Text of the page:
Washington D.C. District of Columbia
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Walter E. Washington Convention Center

801 Mount Vernon Place NW
Washington, DC 20001 Main Number: 202-249-3000
Event Hotline: 202-249-3400
Job Hotline: 202-249-3198

The Walter E. Washington Convention Center is a 2.3 million square foot (210,000 m²) building located in Washington, D.C. The center was designed by Atlanta-based architecture firm Thompson, Ventulett, Stainback & Associates. The center is located in a superblock bounded by Mount Vernon Square and 7th, 9th, and N streets, N.W. It is served by the Mt Vernon Sq/7th St-Convention Center station on the Yellow and Green lines of the Washington Metro. It was completed in 2003.

The Washington Convention and Sports Authority (WCSA) Board of Directors agreed to expand the newly built convention center by 75,000 square feet (7,000 m²) and build and own a hotel with between 1,220 and 1,500 rooms and an additional 100,000 square feet (9,300 m2) of convention and ballroom space.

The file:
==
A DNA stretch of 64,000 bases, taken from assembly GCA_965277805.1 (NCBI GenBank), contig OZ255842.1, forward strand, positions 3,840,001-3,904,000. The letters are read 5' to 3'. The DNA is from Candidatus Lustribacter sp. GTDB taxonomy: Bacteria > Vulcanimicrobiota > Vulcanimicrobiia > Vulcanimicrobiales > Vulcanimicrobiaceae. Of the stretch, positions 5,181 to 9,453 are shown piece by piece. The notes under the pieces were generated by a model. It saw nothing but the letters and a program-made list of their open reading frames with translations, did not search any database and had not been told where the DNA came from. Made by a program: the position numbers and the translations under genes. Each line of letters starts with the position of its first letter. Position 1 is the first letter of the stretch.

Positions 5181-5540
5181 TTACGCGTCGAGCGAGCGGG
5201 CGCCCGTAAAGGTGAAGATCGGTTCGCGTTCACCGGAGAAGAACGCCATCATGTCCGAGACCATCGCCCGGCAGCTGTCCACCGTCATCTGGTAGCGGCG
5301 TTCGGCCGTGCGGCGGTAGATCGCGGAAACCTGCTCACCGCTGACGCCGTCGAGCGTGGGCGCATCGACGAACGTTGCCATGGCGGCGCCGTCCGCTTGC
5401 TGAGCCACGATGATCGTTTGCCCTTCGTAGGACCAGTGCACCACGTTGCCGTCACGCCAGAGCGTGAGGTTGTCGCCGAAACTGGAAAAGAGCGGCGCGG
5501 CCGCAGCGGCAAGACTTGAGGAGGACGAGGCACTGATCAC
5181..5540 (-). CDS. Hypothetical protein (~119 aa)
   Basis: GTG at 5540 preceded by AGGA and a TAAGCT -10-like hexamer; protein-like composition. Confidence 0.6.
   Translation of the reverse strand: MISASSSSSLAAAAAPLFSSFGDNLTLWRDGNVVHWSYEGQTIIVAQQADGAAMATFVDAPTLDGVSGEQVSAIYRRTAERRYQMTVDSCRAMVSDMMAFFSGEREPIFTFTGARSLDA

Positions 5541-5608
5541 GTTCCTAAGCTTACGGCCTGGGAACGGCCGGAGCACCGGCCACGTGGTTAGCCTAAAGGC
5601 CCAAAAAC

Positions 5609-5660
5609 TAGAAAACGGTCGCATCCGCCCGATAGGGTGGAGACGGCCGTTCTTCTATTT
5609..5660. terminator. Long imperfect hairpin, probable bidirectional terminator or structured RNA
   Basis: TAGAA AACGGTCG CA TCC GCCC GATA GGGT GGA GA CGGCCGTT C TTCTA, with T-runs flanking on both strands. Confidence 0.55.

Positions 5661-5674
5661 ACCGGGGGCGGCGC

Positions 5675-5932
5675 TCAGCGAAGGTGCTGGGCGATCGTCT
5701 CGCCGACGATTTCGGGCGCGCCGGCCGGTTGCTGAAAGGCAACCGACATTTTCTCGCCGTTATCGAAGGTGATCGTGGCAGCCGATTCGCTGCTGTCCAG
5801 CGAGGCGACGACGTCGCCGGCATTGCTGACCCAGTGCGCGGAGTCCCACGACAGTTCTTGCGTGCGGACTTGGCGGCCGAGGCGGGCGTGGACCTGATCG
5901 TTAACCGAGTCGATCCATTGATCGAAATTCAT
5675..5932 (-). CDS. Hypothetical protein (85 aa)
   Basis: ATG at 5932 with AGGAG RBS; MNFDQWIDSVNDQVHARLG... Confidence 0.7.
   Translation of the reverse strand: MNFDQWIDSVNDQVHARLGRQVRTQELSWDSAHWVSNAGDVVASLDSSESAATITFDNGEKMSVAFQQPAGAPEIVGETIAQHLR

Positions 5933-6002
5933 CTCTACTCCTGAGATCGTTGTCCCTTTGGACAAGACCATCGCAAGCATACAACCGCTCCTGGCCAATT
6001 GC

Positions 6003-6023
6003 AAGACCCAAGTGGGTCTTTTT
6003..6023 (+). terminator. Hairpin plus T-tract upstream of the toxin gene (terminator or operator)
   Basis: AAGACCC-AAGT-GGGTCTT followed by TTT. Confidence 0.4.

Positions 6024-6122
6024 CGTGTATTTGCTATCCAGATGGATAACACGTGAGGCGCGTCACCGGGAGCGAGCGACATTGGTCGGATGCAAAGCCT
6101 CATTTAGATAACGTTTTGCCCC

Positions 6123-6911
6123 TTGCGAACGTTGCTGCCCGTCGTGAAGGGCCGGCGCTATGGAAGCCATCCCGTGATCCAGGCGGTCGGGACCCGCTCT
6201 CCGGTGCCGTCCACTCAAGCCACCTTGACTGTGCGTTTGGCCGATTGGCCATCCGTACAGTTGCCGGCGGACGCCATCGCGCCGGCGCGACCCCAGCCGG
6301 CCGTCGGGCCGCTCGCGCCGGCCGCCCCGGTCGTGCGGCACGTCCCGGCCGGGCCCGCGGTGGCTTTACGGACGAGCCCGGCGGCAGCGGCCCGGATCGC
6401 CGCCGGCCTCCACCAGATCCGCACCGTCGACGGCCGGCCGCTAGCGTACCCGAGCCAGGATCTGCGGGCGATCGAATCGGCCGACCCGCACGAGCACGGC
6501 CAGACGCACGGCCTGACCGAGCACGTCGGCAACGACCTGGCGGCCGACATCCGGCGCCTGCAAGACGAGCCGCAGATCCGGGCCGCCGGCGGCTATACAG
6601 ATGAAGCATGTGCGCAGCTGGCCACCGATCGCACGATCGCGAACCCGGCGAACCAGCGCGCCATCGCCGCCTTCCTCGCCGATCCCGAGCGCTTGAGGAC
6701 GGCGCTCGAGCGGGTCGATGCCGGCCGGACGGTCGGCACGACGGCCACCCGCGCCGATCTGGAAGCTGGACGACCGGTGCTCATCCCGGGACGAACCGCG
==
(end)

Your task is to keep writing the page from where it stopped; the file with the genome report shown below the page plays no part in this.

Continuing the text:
Most of the inaugural balls for the 2005 Presidential Inauguration of George W. Bush were held at the convention center, and six of the 10 official balls of the 2009 Presidential Inauguration of Barack Obama took place there, including the first-ever Neighborhood Ball.

In 2006, the Council of the District of Columbia approved legislation naming the then-Washington Convention Center in honor of the city's first home rule mayor, the late Walter E. Washington.

The previous Washington Convention Center was located one block southwest at 909 H Street NW, occupying the city block bounded by New York Avenue, 9th Street, H Street and 11th Street. Construction on the center began in 1980, and it opened in 1983. At 800,000 gross square feet it was, at the time, the fourth largest facility in the United States. However, during the 1980s and 1990s numerous larger and more modern facilities were constructed around the country and by 1997 the Washington Convention Center had become the 30th largest facility. After being replaced by the new Walter E. Washington Convention Center, it was imploded at approximately 7:30 a.m. on December 18, 2004. The site is now a municipal parking lot and is also used for special events such as Cirque Du Soleil.

(From Wikipedia)